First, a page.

A Whole Lot of Shaking


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INDUSTRIAL ENGINEER – Volume 43 Number 6

Reducing vibrations from power tools can prevent loss of dexterity, feeling

Tingling hands caused by motor vibrations come standard for those who regularly use handheld power tools, including people in mining, forestry, manufacturing and services.

Prolonged exposure to such intensive vibrations can cause hand-arm vibration syndrome, said Subhash Rakheja, a professor in Concordia University’s Department of Mechanical and Industrial Engineering.

“Over time, some workers can lose sensation in their hands or loss of dexterity, they can no longer distinguish between hot or cold surfaces, or they can experience discoloration in the extremities of their fingers, which is known as Raynaud’s phenomenon,” he said.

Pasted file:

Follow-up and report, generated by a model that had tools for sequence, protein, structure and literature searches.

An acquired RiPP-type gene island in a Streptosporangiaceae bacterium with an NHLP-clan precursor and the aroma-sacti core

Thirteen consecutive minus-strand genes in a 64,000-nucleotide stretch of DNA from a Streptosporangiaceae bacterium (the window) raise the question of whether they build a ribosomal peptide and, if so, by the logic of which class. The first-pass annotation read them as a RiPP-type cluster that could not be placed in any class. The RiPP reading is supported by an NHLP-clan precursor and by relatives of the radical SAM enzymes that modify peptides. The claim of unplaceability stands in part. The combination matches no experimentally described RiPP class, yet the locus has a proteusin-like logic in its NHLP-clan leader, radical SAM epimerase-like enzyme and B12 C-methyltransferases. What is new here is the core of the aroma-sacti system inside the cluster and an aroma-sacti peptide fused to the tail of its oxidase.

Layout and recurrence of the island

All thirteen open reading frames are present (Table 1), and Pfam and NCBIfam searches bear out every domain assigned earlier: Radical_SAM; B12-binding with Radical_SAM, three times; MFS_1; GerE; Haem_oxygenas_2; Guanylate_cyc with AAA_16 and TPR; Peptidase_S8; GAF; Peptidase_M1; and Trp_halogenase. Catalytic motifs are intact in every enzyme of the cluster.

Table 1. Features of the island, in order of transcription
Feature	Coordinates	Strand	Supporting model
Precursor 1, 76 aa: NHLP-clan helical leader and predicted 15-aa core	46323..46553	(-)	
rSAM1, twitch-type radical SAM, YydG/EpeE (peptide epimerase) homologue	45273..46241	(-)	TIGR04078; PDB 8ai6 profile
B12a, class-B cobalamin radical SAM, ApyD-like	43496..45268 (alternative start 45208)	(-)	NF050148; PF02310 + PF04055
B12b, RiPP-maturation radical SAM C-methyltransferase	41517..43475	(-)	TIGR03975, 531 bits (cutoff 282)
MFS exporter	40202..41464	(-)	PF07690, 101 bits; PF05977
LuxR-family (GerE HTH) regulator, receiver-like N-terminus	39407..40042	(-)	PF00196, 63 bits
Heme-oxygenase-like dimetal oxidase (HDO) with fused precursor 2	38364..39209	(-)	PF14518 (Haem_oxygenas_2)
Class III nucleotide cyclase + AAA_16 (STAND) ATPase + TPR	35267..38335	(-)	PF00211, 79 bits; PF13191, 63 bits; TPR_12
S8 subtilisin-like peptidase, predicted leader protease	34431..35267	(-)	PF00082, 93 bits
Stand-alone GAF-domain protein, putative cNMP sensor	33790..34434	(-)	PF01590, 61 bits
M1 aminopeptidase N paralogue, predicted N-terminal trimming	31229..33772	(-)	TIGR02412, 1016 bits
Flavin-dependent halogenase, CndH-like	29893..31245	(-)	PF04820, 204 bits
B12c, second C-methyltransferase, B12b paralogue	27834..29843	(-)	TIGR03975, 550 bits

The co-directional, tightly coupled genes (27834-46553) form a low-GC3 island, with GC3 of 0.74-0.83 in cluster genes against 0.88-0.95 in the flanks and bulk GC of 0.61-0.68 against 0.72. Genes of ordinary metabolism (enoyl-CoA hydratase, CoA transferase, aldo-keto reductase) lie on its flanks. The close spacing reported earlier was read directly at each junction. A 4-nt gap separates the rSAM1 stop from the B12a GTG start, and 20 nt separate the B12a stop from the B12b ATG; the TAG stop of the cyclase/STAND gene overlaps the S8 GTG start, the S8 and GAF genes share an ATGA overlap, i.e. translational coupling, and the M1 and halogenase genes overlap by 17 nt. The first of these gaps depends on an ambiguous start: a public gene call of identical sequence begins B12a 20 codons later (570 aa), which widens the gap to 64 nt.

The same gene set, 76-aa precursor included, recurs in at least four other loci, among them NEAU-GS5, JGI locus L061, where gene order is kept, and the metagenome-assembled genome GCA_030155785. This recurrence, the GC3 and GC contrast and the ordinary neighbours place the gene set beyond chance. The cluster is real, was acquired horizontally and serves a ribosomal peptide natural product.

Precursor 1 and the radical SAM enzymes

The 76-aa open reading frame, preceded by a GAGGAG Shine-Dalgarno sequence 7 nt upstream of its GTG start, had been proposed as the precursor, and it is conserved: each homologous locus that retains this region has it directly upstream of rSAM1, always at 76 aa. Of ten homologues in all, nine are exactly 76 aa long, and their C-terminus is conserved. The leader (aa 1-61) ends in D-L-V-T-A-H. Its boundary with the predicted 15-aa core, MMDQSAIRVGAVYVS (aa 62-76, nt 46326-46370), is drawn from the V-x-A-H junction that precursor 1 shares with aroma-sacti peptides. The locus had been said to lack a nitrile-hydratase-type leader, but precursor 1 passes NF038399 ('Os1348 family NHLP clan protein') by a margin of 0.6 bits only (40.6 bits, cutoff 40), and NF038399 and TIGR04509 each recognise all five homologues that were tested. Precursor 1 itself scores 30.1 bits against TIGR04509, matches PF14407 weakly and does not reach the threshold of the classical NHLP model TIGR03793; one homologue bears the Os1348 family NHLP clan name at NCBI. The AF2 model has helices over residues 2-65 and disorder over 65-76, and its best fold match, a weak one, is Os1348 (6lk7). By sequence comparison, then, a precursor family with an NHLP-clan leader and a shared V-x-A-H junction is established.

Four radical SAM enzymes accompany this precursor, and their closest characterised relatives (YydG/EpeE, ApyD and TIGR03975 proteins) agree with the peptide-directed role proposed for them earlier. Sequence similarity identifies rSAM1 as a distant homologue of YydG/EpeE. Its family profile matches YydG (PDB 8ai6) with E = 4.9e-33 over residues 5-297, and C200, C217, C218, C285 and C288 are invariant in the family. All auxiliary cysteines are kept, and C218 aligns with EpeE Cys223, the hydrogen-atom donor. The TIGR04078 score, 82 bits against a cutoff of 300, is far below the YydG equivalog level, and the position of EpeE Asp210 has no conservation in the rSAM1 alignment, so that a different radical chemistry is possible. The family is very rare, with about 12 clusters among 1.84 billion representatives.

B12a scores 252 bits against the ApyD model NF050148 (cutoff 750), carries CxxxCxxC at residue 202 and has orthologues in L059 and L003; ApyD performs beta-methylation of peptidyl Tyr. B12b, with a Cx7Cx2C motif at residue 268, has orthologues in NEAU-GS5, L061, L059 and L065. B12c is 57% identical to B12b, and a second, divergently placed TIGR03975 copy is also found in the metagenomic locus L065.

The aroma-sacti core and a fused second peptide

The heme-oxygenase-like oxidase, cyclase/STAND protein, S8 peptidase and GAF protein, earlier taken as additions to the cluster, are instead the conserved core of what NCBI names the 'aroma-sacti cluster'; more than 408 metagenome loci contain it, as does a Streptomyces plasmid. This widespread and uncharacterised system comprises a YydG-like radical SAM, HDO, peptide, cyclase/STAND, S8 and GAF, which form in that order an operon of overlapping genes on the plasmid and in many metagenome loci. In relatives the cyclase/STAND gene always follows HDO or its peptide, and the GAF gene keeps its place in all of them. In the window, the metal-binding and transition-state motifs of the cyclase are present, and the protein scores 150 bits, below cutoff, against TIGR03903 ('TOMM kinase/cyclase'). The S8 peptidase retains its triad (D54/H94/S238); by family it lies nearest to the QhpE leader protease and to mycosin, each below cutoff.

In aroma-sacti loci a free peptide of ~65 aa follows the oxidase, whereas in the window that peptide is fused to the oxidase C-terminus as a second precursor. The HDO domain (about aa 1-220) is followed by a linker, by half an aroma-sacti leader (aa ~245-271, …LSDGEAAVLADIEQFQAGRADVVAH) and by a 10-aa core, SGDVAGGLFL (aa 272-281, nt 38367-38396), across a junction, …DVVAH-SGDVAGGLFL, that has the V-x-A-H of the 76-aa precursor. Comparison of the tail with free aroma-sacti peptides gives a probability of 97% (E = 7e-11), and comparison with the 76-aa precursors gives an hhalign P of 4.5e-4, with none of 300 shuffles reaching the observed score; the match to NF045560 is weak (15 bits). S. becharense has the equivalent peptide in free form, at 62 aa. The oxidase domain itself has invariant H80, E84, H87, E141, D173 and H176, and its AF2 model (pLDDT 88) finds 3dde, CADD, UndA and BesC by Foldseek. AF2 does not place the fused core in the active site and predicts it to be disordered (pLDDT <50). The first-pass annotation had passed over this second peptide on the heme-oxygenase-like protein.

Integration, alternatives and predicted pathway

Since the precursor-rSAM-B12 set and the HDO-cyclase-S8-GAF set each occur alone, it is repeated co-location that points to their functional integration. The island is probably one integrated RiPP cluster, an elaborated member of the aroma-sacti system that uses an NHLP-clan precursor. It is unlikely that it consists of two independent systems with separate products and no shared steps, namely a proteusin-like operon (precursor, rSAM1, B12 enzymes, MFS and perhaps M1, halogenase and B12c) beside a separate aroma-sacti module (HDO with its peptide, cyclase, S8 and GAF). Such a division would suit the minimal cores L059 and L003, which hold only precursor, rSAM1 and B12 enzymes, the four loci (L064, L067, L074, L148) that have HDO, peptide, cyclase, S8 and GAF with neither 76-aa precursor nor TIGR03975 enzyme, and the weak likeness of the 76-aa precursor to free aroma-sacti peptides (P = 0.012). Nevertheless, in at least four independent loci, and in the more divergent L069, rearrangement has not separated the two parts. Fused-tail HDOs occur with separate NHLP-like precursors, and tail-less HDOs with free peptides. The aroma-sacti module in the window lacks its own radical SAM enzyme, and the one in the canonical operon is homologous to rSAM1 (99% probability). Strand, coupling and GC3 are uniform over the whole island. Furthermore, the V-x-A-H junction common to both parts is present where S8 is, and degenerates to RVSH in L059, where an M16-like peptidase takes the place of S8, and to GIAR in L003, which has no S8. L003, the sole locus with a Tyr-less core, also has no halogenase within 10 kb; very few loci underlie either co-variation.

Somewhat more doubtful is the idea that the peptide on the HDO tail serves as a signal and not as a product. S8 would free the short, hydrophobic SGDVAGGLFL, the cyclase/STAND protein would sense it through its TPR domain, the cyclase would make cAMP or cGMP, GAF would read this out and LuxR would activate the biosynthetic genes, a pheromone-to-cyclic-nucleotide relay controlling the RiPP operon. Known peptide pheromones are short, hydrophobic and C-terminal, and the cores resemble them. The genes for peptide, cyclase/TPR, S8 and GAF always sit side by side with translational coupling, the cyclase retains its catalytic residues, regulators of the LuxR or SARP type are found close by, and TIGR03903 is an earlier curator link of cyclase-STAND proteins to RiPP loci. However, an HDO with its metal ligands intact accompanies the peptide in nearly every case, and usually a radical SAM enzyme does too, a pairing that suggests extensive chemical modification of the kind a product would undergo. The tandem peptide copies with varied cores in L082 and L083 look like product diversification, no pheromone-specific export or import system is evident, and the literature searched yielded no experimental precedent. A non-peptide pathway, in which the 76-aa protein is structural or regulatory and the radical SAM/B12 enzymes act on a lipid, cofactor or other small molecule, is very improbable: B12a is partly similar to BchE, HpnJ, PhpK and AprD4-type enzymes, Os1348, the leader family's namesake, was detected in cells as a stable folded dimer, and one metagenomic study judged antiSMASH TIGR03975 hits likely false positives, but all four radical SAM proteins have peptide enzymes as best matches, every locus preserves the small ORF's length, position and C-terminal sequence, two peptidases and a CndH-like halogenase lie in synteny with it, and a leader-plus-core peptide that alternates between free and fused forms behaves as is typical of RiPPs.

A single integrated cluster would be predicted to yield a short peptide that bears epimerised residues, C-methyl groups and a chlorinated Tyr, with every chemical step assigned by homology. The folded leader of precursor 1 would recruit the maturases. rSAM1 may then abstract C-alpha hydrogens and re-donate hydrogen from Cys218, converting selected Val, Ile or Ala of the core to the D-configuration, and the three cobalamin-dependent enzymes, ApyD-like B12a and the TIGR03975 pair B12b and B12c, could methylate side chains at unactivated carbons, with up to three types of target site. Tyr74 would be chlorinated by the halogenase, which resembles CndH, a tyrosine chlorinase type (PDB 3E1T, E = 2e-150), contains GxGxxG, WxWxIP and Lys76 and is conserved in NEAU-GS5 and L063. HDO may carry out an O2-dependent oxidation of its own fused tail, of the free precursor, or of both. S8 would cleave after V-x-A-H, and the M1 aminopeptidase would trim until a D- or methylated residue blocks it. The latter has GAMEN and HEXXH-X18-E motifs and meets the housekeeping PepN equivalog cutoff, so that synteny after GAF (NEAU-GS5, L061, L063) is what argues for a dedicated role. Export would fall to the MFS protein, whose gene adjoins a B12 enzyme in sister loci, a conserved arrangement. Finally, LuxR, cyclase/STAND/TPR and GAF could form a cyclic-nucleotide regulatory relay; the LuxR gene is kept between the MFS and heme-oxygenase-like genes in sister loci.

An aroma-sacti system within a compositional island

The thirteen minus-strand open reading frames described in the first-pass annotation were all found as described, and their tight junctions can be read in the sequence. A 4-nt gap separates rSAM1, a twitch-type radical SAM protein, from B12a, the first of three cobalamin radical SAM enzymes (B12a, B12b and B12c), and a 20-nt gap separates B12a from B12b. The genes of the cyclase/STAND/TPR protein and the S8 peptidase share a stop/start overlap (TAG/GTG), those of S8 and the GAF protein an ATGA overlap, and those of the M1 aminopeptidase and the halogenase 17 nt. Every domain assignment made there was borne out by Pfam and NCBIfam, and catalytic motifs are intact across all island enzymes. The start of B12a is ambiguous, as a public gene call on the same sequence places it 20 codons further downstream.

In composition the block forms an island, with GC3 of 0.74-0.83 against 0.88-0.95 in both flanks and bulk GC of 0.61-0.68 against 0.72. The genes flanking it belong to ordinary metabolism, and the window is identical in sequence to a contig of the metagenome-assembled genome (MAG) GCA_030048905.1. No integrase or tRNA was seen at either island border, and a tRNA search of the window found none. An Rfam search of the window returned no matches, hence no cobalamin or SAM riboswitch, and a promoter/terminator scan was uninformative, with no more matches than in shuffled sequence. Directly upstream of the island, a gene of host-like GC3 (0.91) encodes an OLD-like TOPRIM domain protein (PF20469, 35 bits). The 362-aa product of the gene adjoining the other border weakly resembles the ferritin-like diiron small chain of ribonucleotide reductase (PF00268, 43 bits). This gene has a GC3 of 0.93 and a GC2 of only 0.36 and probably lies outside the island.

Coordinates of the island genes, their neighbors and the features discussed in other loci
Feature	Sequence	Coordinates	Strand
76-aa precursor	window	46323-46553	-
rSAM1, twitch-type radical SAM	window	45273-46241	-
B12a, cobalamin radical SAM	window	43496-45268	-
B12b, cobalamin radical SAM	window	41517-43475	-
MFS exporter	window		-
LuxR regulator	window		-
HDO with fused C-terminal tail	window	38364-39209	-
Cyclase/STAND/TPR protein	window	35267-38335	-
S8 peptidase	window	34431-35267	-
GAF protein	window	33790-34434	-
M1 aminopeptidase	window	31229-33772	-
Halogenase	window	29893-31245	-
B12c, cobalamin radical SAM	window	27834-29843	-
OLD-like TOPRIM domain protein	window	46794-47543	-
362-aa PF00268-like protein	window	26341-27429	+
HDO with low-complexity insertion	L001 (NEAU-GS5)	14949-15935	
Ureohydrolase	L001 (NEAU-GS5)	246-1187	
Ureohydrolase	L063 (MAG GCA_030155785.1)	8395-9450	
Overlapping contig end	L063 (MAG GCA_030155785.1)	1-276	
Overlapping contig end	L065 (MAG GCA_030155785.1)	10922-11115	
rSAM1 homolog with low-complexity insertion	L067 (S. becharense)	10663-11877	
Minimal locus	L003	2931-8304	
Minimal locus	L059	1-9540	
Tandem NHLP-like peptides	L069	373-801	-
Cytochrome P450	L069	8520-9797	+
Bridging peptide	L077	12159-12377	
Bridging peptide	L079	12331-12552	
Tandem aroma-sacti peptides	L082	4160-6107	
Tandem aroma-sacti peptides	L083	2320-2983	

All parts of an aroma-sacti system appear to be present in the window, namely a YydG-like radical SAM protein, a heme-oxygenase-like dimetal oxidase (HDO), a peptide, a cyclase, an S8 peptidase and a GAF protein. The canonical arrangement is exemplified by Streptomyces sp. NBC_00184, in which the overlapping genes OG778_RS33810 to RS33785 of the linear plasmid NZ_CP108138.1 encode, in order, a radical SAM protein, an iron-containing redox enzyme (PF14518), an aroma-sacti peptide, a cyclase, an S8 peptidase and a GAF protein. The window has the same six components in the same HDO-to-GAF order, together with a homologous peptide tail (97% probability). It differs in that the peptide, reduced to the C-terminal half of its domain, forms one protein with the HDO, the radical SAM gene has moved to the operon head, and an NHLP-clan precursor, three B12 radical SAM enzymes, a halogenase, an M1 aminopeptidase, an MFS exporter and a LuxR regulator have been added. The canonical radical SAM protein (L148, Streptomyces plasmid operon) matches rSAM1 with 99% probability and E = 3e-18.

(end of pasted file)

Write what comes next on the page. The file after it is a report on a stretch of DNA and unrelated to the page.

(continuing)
While long studied in Europe, examining work-vibrations exposure is relatively new in North America. Rakheja has published widely on the subject. He recently studied soil compactors, which are staples of construction sites. According to the research, a simple seat upgrade could reduce exposure to vibrations by 60 percents.

The work of Rakheja and collaborators has helped lead to ISO (International Organization for Standardization) standards for whole body vibration (ISO 5982) and for hand-arm vibration (ISO 10068). They are now investigating a world standard for anti-vibration gloves.

Rakheja is also examining how to reduce the impact of industrial power tools that can lead to vascular and skeletal disorder. “The most risky tool to use for worker is the jackhammer. It’s like a loaded gun,” he said.